As the greed and excess of a corrupt Monarchy threatens to destroy the once-glorious Goryeo Dynasty, three legendary warriors lead a revolt to overthrow the empire and save its people. But when deceit and betrayal costs the life of a master swordsman, a plot for justice and revenge is set into motion, raging for decades between the two survivors. From the director of CHILDREN OF HEAVEN and starring Byung-hun Lee (THE GOOD, THE BAD, THE WEIRD, TERMINATOR GENISYS), MEMORIES OF THE SWORD is a lavish epic that blends tragic historical drama with thrilling swordplay and martial arts.
Do you ever feel like when you sit down to watch a movie that within the first few moments you start to feel like you've already seen this particular movie? I don't mean in the sense of story familiarity or a re-telling of the traditional "Hero's Journey," I mean that a particular genre can become so saturated that there just isn't any magic left in it. Director Heung-Sik Park's 'Memories of the Sword' is another entry in the Fantasy Kung-Fu action film sub-genre that borrows heavily from films that have come before and fails to do anything new with the material.
Hong-yi (Go-eun Kim) has bigger dreams than tilling away in a sunflower field. She sees herself as a warrior, a woman of action and ability that is just as talented as any other man. In order to solidify the training her mother has given her, Seol-hee labors over a single sunflower plant, giving it plenty of room away from all of the others and more water than any of the others. When the plant stands at least twenty feet high, she know's it's time to test herself. Managing to leap over the gigantic plant in a single bound, Hong-yi knows she's outgrown this peasant life and is ready for combat in a fighting arena dominated by men where she can actually earn a living.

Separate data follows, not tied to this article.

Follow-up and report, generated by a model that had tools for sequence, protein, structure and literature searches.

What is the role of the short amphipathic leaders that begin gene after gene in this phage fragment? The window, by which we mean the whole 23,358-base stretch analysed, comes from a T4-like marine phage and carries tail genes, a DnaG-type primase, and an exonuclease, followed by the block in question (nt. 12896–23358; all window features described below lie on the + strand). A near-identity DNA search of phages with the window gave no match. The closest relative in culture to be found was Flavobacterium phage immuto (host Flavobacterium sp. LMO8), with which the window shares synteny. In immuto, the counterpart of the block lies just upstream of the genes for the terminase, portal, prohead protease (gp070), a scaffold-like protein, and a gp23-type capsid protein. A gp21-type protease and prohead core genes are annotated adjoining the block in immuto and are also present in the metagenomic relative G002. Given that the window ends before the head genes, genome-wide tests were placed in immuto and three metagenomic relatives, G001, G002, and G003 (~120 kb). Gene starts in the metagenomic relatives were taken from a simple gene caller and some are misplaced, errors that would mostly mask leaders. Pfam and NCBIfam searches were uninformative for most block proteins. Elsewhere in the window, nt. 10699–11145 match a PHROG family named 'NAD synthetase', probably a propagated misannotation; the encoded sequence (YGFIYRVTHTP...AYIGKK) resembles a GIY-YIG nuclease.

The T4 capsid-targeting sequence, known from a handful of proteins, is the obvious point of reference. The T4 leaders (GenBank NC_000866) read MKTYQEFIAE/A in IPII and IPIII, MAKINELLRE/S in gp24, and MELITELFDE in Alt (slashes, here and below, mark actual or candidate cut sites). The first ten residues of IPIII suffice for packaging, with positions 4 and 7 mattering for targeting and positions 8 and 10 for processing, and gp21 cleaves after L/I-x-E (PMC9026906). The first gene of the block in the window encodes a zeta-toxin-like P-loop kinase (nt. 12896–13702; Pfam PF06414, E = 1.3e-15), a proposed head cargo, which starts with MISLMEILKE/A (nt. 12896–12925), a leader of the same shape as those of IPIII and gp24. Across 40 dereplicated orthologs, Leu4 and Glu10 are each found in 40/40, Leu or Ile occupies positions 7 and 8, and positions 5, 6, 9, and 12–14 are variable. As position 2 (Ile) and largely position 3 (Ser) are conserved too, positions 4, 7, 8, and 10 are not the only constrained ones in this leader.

When Hong-yi's exploits within the arena accidentally expose her mother Seol-ring (Do-Yeon Jean) to the commander of the army Deok-gi (Byung-hun Lee) who viewed Seol-hee's performance, the entire family is put in danger. As Hong-yi learns of her true parentage and the circumstances that she came to grow up and be trained by the woman she knew as her mother, the young girl is put on a path of revenge and redemption. As shadowed history comes to light, the truth may be more dangerous to Hong-yi's survival than any blade she duels.